|[highlight]By Abhinav Gaur,Student,
Symbiosis Law College, Noida[/highlight]
Aastha Singh & Siddharth Shankar Dubey
LLB (Hons.) 2nd Semester, Lucknow University
Media has always been a fourth pillar of a democratic nation, just like India in this case. Media has been a touchstone of every individual’s life because it is and has undoubtedly been the only source to know what is going on, in any part of the Globe. Media is supposed to cover an incident, bringing forth hitherto unmentioned details or discerning the different threads which went into making the said incidents. There are times when instead of discharging its duty as one of the watchdogs of democracy, media opts to cover the incident in other ways. It comes as a surprise to us that the media is indulging in blatant fabrication of news. Undoubtedly, we all are well aware of the saying that “Beauty lies in the eyes of the beholder”. Loosely interpreted, which means that we may all see things differently and so it is with opinions upon current event, whether or not, they are to do with government actions or any other facet of our daily lives.
Commercialization and Privatization, though not the factors to be blamed for such excruciation but it is indeed one of the reasons of unregulated actions and broadcasts by Media. There is less reality more propaganda with their selfish and commercial motive, they turn non-issues into major issues circulating over the news channels and today just like many other several incidences, NALSAR Media wreckage stands testimony to ‘not-at-all-sensitized’ media.
In the NALSAR incident, the major question arises upon who gave the media persons the right to police the young students when a proper mechanism is provided by the law. The issue of sensitizing media is not new, but since this time a law student has fallen a prey to such a highly unprofessional and insensitive act of a local media person; the voices are high alarmingly seeking justice with not only remedial measures but also coming up with regulatory interventions of our esteemed legislature bodies. Media is like an un-tamed horse, if kept loose, has enough power to create havoc in society. It is noteworthy that there is no such law criminilising consumption of alcohol at a licensed place, walking outside the college premises late night or say wearing one’s desired clothes and if one is not barred by the law then where does the media stand an appropriate authority to question or to raise concern, that too so insensitively.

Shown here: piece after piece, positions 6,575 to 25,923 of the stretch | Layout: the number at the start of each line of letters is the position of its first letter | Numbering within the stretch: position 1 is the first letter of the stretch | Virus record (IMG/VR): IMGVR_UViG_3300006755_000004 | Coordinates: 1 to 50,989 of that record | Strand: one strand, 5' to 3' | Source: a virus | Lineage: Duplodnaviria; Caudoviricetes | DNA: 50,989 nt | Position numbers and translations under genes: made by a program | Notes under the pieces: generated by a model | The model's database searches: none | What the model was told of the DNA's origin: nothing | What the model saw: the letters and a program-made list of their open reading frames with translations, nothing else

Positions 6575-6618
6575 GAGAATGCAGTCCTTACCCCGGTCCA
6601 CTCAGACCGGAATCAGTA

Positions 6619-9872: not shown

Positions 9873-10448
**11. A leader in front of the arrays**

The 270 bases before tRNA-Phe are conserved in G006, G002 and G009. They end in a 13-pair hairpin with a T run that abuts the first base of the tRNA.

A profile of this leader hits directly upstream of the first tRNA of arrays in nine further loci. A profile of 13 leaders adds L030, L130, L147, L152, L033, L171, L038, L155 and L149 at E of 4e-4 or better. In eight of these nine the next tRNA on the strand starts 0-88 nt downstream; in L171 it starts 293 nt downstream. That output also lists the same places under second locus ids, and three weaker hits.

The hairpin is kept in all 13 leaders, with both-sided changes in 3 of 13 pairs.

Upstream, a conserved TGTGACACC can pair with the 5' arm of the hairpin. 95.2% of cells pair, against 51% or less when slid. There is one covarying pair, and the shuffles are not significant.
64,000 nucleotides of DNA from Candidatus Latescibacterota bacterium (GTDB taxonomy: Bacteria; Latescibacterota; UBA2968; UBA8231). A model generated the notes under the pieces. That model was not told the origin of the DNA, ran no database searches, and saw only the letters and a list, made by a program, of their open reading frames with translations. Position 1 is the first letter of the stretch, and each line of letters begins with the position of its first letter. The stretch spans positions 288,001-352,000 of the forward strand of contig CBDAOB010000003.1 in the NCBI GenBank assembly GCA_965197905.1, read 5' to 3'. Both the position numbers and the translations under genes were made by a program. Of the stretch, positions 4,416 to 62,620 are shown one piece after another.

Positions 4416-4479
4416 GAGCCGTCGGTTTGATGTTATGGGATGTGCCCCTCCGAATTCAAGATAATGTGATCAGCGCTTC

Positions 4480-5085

There has even been violation of section 354D of the IPC under the Criminal Amendment Act 2013 in which stalking or clicking photographs or making video without a women’s consent is an offence, which directly infringes the Art 19 & 21 respectively of the constitution of India. Art 19(1)(a) gives freedom of speech and expression including wearing clothes of one’s choice and freedom of movement subject to the condition that they are not barred by the law and are suitable for the locality where they are born. Hyderabad being a metro city of India has no such law that restricts a woman to wear any particular clothes. But, today’s media plays a large role in dictating what a true women should look like, talk like and who they should be friends with. By in large it has an overwhelmingly negative impact on a women’s self-esteem and her feeling of self-worth.
[highlight]Certainly, some controls are needed to protect the privacy of the people who are subjected to extreme harassment by journalist and photographers who are only intent on getting a ‘Story’ regardless of the personal damage to those who have not as yet been convicted of any wrong doings and who’s matter is sub-judice in court. We have a right to information that is free from bias, free from misrepresentation and corrupt self-interest. Thus, media should maintain proper standards conducive to the public good and to the country’s progress.[/highlight]